Logo of Phnom Penh Post newspaper Phnom Penh Post - PM’s gift of three vehicles accepted by ABC Radio

PM’s gift of three vehicles accepted by ABC Radio

A vehicle is inspected yesterday morning after it was donated to ABC Radio by Prime Minister Hun Sen. Photo supplied
A vehicle is inspected yesterday morning after it was donated to ABC Radio by Prime Minister Hun Sen. Photo supplied

PM’s gift of three vehicles accepted by ABC Radio

Three new vehicles – paid for out of Prime Minister Hun Sen’s pocket – were gifted to ABC Radio station yesterday after its unregistered ambulance was impounded over the weekend for driving without licence plates and transporting guava juice instead of patients.

In a ceremony presided over by Phnom Penh City Governor Pa Socheatvong yesterday, ABC Radio founder Seng Bunveng, or “Aja A”, was handed one vehicle for delivering goods to fund the station’s work, and two other 12-seaters for “humanitarian” purposes.

The premier had dismissed former Phnom Penh municipal health department’s director, Sok Sokun, for impounding the ABC ambulance – which contravened Health Ministry regulations.

Amid criticism from observers that Sokun had effectively been fired for doing his job, Hun Sen then “promoted” him to deputy secretary-general for technical affairs in the ministry.

However, Socheatvong yesterday warned ABC that the vehicles should not be treated as ambulances or emergency vehicles, but “intervention” cars to assist those not in need of immediate medical care.

Bunveng, for his part, stressed that the cars were not a gift to him personally, but provided to fill the gaps in the government’s health service.

“Prime Minister Hun Sen is using me to work for him by providing the cars,” he said.

“I refused, but still he insisted; and now I realise that Prime Minister Hun Sen is a very sharp person,” he went on, characterising the cars as both a gift and reprimand – “so from now on, I need to work based on the law”.

Social researcher Meas Ny, however, said he feared the donation could bring “more harm than good”.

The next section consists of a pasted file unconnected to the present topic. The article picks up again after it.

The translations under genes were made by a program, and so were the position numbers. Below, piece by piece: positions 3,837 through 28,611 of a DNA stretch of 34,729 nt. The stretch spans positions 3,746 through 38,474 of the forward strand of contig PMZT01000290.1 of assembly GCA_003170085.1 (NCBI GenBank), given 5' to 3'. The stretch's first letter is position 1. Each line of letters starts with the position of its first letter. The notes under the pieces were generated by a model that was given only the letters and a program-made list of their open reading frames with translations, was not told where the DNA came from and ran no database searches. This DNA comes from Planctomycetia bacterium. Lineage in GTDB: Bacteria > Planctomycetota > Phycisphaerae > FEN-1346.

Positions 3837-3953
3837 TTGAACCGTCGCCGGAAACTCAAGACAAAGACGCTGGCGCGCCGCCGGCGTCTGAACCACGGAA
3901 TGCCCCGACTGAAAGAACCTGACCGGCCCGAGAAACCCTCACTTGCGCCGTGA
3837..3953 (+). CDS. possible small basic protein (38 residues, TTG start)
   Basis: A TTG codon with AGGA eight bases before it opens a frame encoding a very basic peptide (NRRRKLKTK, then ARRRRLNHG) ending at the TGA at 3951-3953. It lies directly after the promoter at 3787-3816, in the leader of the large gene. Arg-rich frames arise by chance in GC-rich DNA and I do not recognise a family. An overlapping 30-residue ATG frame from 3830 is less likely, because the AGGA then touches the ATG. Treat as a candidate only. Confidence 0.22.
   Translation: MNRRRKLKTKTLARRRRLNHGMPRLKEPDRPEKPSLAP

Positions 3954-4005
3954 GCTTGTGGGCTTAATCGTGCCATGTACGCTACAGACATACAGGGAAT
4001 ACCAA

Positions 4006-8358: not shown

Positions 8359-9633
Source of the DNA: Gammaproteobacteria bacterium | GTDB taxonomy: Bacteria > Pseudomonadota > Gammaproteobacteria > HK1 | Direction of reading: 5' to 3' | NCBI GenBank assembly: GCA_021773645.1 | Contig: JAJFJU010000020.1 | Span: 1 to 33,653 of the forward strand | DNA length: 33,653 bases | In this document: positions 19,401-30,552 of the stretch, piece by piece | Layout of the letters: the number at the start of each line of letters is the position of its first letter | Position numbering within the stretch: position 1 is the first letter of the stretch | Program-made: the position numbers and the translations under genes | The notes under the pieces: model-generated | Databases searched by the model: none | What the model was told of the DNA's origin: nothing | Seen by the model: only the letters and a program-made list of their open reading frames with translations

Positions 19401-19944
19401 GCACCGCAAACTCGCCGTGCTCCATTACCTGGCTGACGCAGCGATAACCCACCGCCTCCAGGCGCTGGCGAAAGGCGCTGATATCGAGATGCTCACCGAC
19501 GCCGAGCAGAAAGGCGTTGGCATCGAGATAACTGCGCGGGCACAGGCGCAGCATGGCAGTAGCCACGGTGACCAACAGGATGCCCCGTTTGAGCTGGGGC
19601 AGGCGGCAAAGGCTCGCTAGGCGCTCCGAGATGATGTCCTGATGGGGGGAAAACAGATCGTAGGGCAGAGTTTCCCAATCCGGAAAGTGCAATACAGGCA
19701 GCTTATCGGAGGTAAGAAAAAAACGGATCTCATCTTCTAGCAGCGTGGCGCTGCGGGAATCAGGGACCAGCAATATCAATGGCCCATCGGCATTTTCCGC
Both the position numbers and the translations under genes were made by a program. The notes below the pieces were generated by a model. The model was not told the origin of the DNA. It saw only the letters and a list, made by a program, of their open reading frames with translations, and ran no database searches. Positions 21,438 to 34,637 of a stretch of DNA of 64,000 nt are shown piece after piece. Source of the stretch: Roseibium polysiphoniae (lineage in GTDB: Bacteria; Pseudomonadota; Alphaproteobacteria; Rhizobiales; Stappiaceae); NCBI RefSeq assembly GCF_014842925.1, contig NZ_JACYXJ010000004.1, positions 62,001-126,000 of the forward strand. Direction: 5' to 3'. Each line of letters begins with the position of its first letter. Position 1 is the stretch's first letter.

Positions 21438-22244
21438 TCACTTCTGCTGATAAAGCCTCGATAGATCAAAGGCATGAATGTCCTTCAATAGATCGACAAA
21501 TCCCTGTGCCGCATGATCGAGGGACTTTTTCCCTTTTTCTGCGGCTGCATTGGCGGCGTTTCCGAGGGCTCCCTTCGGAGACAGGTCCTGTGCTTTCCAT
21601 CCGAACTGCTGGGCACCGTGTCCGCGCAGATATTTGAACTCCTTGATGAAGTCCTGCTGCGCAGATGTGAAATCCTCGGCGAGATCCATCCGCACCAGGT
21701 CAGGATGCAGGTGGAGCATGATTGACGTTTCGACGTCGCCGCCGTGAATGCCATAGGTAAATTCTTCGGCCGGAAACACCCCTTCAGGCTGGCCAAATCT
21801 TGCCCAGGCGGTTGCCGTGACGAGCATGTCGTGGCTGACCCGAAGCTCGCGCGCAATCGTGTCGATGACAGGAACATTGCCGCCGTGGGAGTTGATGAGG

“It is totally dangerous because they have no technical medical expertise; so the Phnom Penh governor needs to be aware of all this,” Ny said.

MOST VIEWED

  • Cambodia’s image problem

    In opening remarks at a recent event, Secretary of State at the Ministry of Foreign Affairs and International Cooperation Luy David said information can be a double-edged sword. He told a European Institute of Asian Studies (EIAS) briefing seminar that the media has unfairly presented

  • PM Hun Sen says dangers averted

    Delivering a campaign speech from his home via Facebook Live on Thursday, caretaker Prime Minister Hun Sen said his Cambodian People’s Party (CPP) had carried the country through danger in its latest mandate. He was specifically referring to the threat of a “colour revolution”

  • Bumpy road for local ride apps

    Ride-hailing services seem to have grown into a dominant player in the capital’s transportation sector. Relatively unknown and little used in the Kingdom at the beginning of this year, services like PassApp, Grab and ExNet are now commonplace on Phnom Penh streets. However, the

  • Hun Sen lays out party’s platform

    Caretaker Prime Minister Hun Sen on Wednesday credited liberating Cambodia from the Khmer Rouge as among the reasons why people will vote for his ruling Cambodian People Party (CPP) in the July 29 national elections. Hun Sen, who has held the reins of power in Cambodia